The AndrÉ Schroeder Research Prize, an annual award  for the advancement of dental research and development, was presented in Bern to Mr. Karthikeyan Subramani, an Indian biomedical nanotechnologist currently conducting research at the School of Surgical and Reproductive Science at Newcastle University Medical School in the UK. The award was presented by Straumann’s President and CEO, Gilbert Achermann, at the AndrÉ Schroeder Memorial Symposium, a dental congress currently in the Swiss capital.
Subramani (28), who is the 13th recipient of this prestigious prize worth 20,000 Swiss francs (about $24,500), holds a bachelor’s degree in dentistry and a masters in nanotechnology. He was selected by the jury for his scientific investigation of the cell adhesive properties of polyethylene glycol (PEG) hydrogel and its potential as a carrier for growth factors. A possible application of this might be to modify implant surfaces in order to guide and promote differentiated tissue-attachment to specific areas, while preventing attachment to others.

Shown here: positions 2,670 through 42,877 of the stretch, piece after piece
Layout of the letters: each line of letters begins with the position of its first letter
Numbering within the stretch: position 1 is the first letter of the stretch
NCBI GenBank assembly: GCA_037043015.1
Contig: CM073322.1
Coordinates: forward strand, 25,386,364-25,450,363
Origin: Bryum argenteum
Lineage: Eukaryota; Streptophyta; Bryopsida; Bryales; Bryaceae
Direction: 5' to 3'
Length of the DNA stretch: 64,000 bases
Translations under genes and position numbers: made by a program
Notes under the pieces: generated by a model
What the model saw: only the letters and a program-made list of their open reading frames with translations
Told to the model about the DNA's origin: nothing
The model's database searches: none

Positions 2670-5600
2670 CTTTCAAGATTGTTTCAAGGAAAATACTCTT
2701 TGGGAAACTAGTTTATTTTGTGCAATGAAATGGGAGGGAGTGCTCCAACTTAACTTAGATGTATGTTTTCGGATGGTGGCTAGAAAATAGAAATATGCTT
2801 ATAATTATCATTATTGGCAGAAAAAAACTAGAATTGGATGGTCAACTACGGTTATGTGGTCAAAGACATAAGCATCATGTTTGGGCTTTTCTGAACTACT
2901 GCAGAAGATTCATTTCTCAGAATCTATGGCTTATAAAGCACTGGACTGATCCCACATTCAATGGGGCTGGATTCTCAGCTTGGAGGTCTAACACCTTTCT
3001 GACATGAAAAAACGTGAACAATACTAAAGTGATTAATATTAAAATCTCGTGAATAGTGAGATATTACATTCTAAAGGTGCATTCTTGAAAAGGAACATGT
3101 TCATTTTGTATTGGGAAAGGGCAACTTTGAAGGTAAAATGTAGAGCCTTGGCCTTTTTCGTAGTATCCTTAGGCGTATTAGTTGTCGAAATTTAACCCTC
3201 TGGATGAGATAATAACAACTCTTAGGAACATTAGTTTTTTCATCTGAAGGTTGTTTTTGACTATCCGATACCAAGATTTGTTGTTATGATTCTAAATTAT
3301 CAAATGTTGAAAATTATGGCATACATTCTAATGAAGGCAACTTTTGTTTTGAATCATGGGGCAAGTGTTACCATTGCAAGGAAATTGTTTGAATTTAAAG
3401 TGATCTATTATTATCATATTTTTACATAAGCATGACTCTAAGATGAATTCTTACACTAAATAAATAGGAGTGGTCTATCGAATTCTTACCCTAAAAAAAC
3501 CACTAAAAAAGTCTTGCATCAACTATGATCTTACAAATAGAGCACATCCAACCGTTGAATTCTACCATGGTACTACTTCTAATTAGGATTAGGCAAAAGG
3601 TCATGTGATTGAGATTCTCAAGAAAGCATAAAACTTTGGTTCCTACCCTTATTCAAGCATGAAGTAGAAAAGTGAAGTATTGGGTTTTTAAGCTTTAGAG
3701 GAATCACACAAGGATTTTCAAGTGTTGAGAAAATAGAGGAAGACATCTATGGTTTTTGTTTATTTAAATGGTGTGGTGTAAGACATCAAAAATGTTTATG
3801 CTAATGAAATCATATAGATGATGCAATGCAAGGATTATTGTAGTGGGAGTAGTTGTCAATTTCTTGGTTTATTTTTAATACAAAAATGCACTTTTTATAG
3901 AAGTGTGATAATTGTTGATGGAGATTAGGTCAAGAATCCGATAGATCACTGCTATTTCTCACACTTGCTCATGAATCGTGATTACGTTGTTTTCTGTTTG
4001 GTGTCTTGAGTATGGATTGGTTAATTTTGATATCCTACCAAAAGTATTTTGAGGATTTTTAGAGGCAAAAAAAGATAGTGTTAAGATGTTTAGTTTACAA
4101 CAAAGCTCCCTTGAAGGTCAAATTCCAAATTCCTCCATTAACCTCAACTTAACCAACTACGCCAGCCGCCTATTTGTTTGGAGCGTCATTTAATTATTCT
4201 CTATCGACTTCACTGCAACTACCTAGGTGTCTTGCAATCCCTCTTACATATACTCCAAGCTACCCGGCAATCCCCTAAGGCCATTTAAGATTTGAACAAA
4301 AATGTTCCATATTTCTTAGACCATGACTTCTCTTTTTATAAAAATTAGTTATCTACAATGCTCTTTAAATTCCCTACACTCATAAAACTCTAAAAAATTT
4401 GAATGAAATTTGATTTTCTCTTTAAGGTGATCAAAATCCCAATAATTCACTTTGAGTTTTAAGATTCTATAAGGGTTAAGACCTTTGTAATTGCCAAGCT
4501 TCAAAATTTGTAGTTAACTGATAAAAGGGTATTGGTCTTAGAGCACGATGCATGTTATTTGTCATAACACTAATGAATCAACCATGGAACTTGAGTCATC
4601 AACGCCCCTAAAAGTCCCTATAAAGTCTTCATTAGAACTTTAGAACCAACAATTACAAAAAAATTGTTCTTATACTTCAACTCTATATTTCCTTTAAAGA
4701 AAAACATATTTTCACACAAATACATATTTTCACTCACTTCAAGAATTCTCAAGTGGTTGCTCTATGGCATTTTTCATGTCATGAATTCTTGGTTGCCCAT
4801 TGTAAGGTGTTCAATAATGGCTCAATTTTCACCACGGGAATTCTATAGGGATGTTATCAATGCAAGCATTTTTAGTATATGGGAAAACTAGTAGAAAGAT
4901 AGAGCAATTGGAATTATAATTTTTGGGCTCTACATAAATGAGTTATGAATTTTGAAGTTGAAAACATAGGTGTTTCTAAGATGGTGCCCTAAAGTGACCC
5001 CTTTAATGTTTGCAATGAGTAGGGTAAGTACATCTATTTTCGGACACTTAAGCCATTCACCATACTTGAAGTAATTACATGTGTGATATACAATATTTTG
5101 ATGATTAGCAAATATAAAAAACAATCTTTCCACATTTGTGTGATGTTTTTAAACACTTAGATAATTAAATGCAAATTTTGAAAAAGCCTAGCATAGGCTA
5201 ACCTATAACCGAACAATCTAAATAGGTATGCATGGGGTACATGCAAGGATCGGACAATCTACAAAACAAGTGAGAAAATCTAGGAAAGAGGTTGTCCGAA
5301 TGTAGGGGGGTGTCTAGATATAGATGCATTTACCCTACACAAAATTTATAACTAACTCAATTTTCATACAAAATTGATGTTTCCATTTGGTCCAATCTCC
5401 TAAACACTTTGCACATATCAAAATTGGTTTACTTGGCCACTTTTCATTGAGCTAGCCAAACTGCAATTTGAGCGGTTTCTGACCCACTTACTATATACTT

Subramani’s work looked at PEG hydrogels coated on a surface using photolithographic techniques. The gels were shown to be ideal for incorporating proteins, such as osteoinductive growth factors, which were released over time to provide a signal to cells. Most impressively, the project succeeded in creating micropatterns on the hydrogel surface. The patterns were made up of tiny defined areas (wells or grooves), as small as 50 micrometers, which contained the osteoinductive growth factor VEGF (vascular endothelial growth factor). The adjacent areas on the other hand were empty. The study showed that bone-forming cells (osteoblasts) clearly migrated to the areas containing VEGF. It is  postulated that this research might lead to modified implant surfaces that stimulate bone formation in specific areas, while preventing it in others. It may therefore offer intriguing possibilities to implant designers in the future as they seek to improve treatment outcomes and further enhance the standard of patient care.